What is Sexual Harassment?
The Equality Act 2010 defines sexual harassment as unwanted conduct of a sexual nature which has the purpose or effect of violating an employee’s dignity or creating an intimidating, hostile, degrading, humiliating or offensive environment.
The legislation does not define ‘unwanted conduct’ but case law has determined that the following can amount to sexual harassment under the Act: sexual comments or jokes, physical actions, asking questions about sex life or offensive jokes, sending explicit emails or displaying pornographic images. The conduct may be conduct over a long period of time or can be a one-off incident.
The purposely wide definition under the Act enables the employee’s own perception of how they have been treated will be a key determining factor. The Tribunal will also consider other circumstances of the case and whether it is reasonable for the conduct to have had the effect that the Claimant purport.
Non-Disclosure Agreements in the workplace
Government Ministers have recently promised to outlaw Non-Disclosure Agreements (‘NDAs’).NDA’s are often used when an employment relationship comes to an end, and in the employment context, are referred to as settlement agreements. Such agreements almost always seek to silence the employee, and prevent her from making any statements about the circumstances of her termination or from making any adverse comments about the employer. In circumstances were an employee is sexually harassed, an NDA would prevent her from talking about her experience to anyone, other than a limited individuals, such as her lawyer. Silencing victims of harassment, often means that the problem (the harasser) is not dealt with and is free to repeat his behaviour.
The government’s proposal follows on from the MP inquiry into Sir Philip Green paying off multiple employee allegations of sexual and racial harassment, which launched last November, as well as pressure from the Women and Equalities Committee.
There is a recognition that the use of NDAs to prevent victims of discrimination or harassment from asserting their rights is ‘unacceptable’, the Government has pushed forward plans to legislate in the area to clarify what such agreements can cover.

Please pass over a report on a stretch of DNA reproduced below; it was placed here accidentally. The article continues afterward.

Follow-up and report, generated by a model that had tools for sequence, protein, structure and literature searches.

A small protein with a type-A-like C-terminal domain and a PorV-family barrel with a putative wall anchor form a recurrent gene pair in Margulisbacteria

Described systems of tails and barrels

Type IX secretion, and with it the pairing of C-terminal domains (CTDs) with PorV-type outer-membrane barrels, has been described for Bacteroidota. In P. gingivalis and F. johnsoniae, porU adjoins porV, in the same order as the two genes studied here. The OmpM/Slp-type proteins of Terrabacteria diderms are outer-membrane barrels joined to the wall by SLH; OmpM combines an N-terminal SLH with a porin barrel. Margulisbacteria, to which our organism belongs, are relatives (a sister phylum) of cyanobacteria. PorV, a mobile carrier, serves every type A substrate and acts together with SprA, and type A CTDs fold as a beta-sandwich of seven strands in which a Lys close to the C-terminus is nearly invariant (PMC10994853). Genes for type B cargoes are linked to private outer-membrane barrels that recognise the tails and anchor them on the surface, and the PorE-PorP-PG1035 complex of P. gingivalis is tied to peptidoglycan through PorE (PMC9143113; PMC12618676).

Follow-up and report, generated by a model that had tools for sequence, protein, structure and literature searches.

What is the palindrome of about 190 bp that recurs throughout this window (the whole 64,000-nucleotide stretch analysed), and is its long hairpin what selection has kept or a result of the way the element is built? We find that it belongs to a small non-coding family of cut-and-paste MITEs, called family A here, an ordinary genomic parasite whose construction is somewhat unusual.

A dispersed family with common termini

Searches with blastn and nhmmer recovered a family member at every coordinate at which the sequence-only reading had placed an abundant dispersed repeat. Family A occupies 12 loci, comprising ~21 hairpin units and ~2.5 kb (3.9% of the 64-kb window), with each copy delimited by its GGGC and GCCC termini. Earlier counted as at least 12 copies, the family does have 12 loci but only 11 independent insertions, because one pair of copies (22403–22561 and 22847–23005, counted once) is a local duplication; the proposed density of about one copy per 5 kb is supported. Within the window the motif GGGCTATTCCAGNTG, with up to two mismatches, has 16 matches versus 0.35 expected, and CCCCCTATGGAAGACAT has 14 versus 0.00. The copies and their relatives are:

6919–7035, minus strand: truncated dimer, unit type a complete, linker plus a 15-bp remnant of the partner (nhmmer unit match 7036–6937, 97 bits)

Government has also agreed to consider other changes in order to make employment rights more accessible, including reviewing Employment Tribunal time limits (which currently, for most cases are t three months less one after employment has terminated/harassment took place). They will also consider the possibility of making the provision of a basic reference a mandatory aspect of the employment relationship; so people who do experience harassment are not deterred from bringing a case for fear of future ramifications negatively affecting their career.
Changes are incrementally developing in the private sphere too. Last year, following suit from Microsoft and Uber, Google announced it would end its controversial use of a “forced arbitration” under which employees were contractually obliged to use the company’s internal procedures for dispute, rather than access the courts.
High profile case law, like that of Nathalie Abildgaard’s £270,000 harassment claim against investment giant, IMF, have also sparked a change in companies’ monitoring and tolerance of workplace harassment. Companies are seeking to protect themselves from possible litigation through contractual protections, an example of which can be seen from the increase in use of Consensual Relationship Agreements, requiring employees in a couple to sign off that the relationship is consensual; thereby protecting the employer from sexual harassment claims.
In a ‘Me Too’ era, where sexual harassment in the workplace appears to be rife (it was recently reported that 1 in 12 NHS staff are subjected to sexual harassment) the changes are to be welcomed. It appears that the Government, and business sector, are taking steps in the right direction to protect the rights of employees who suffer harassment.